We never plan for things to go wrong on our hike, which is why it’s doubly important to be prepared if things do. Hikers and day trekkers are often those who fall victim to the belief that their experience and confidence in nature make them immune to the risk of getting lost, but statistics show that’s incorrect. Hundreds of people get lost in national parks and forests each year and the vast majority are hikers.
What to do if you become lost
While we can’t guarantee you will never become lost on a hike, it’s important to follow a few standard procedures to minimize the risk of being lost for long. These steps are: stop, think, observe, and plan.
The moment you realize you’ve become lost, stop moving. Stay calm and do not panic. Moving further off course will only make it more difficult for SAR to locate you.
Try to retrace your steps in your mind and think of things you saw: landmarks, photos, or anything that can help you figure out where you lost track.
If you are on the trail, it’s important to stay on it. Use a compass to help find your location and, as a last resort, follow a stream or river downstream.
When you have calmed, make a plan for yourself. If you are not confident in your plan, stay where you are. If it’s after dark or you’ve become very tired, it’s best to stay where you are and attempt to stay warm.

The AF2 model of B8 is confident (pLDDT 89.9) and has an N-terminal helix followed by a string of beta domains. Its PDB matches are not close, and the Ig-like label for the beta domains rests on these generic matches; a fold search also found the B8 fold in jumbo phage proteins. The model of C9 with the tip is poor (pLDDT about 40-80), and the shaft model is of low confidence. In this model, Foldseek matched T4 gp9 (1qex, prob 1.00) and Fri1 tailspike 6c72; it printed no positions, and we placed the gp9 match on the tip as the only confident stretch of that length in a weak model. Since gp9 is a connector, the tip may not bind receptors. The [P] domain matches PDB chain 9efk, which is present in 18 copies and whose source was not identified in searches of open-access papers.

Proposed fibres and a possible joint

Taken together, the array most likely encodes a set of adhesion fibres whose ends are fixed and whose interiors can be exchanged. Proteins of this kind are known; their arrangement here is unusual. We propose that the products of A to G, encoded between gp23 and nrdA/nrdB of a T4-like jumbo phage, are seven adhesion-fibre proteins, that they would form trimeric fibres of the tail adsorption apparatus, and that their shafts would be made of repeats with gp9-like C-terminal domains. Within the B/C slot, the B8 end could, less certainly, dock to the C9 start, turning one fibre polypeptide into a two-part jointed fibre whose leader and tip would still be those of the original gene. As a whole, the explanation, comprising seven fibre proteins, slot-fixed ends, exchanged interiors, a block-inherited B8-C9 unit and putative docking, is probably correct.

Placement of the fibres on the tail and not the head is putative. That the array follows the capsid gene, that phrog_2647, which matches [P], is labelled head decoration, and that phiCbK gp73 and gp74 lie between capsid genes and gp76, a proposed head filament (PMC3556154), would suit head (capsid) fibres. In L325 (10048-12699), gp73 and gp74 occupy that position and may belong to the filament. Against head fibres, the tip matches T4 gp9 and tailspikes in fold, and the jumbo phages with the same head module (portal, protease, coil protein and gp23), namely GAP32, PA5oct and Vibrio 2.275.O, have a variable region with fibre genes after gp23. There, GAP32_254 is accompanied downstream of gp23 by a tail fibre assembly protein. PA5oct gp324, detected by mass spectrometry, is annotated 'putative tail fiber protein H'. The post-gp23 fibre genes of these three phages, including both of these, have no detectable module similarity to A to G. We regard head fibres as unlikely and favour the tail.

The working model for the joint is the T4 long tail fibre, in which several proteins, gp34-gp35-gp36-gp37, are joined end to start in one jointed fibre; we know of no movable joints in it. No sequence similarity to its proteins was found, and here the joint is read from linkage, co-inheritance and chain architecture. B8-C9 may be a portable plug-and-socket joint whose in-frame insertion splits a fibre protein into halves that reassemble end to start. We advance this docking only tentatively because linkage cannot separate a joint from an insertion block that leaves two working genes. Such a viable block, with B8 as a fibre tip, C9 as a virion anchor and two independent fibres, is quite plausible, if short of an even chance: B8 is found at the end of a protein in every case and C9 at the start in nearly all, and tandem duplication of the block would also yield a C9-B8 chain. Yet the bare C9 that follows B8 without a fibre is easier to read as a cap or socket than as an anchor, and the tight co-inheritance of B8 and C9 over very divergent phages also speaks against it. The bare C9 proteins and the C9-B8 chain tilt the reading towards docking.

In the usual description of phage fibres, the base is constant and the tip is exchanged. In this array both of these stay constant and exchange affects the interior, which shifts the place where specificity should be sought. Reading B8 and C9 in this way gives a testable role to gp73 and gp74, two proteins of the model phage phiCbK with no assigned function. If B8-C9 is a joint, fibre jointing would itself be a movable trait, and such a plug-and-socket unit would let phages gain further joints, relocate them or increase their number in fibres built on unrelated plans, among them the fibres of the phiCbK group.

As you can tell, these survival steps reference some gear that you should always have on you when hiking. A small pack with the following emergency resources can literally mean the difference between life and death when you are out hiking and become lost or injured.
Emergency resources to have on hand:
Swiss Army knife or multi-tool
Slim and light, a traditional multi-tool with a sharp knife will provide you with ample tools should you find yourself lost and in need. Not all of your equipment will be measured using the same measurement type either so I recommend you know how to convert Inches to cm and cm to Inches just in case. This will help you deal with anything you may need to cut to length or measure on any of your equipment.
They’re nowhere near as comfortable as a sleeping bag, but they’re a literal lifesaver in a pinch. A space blanket or emergency blanket is compact, easy to carry, and will help keep you warm if you have to stay out overnight.
These aren’t your traditional hiking snacks. These meal replacement bars are heavy hitters that can contain all you required caloric intake for a day.
You can survive without food, but you can’t survive without water. Don’t risk drinking unfiltered water, no matter how clean it looks. Instead, use a LifeStraw or personal filtration device to purify the water as you drink it.
In the event of a serious accident, an emergency tourniquet like those made by OMNA can be the one thing that saves you or your hiking buddy. It’s not pleasant to think about, but you’ll be thankful you have it if the worst happens.
A simple GPS watch won’t weigh you down or get in your way as you hike, but it will be a great tool to have when you need a compass, barometer, or even need to check your pre-downloaded maps.
They’re light, cheap, and they will start a fire in minutes. When you’re out in the woods, alone at night, you will thank your lucky stars (and us!) that you remembered to pack a couple.